Karapinar Rug

14837 Karapinar, Turkey, 19th C (4th Q)

The Karaman-Karapinar region of south central Anatolia,
where this rug originates, is well known for its long and
rich tradition of weaving. This type of rug with its
distinctive medallion and corner-pieces is perhaps the
region’s most iconic type. It’s dark deep hues are masterfully
balanced with the white of the inner medallion and border.
While the weaver clearly had the technical proficiency to create
a rigidly symmetrical design, in keeping with the aesthetics of
antique Anatolian weaving she has instead experimented with
proportion and drawing to create a more fluid and organic
composition.


































East Anatolian Long Rug
7241S East Anatolian Long Rug, Turkey, 19th C (3rd Q)

With its lush pile, bold graphic design, and superb clarity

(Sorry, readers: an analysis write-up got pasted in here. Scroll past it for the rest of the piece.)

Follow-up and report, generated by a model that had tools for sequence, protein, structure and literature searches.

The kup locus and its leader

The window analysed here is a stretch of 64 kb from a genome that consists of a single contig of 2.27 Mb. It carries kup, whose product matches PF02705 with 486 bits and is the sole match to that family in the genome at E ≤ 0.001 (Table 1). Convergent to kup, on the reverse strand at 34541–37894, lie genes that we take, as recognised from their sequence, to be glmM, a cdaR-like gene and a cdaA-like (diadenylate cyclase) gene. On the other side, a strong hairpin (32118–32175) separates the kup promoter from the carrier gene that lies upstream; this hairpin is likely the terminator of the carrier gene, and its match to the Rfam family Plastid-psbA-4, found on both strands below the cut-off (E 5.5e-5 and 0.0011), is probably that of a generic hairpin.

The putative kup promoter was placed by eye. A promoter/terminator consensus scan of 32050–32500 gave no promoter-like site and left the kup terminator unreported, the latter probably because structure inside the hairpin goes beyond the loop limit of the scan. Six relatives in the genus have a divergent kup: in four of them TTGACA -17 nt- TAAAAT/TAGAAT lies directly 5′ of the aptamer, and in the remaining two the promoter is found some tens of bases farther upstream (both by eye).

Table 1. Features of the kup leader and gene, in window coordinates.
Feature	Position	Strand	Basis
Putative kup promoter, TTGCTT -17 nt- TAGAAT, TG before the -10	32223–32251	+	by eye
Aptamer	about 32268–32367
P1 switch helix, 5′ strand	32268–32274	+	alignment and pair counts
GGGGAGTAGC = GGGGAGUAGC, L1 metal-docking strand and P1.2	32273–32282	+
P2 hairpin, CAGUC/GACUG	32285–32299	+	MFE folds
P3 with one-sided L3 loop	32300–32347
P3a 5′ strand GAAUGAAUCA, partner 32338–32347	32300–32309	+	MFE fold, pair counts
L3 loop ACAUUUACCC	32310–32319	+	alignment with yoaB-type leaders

of color this rug exemplifies the best qualities of Kurdish
weaving from Eastern Anatolia. Though derived from
classical Ottoman prototypes going as far back as at least
the sixteenth century, the sense of scale and proportion
evokes a clear village aesthetic. Note the almost musical
affect achieved by the varied but organic progression of
the spacing of elements within the border and the subtle
variation of scale seen in the elements and three
compartments of the field.




 

 

 

 

 

 

 

 

 

 

 

 

 

 

 

 


Central Anatolian Rug

14621 Karapinar Runner, Turkey, 19th C (3rd Q)
This fourteen foot central Anatolian runner has a pleasing 
and balanced design. It is exceptional color, however, that
defines the piece. Four colorful jewel-like medallions are
set against a red field with intervening insets accented
with strings of white rosettes. Note the intensity of green,
several variations of blue, apricot, yellow and purple.
























































Bergama
14586 Bergama Rug, middle 19th century

This bold antique village rug from western Anatoiia harkens
back to classical Ottoman weavings from the seventeenth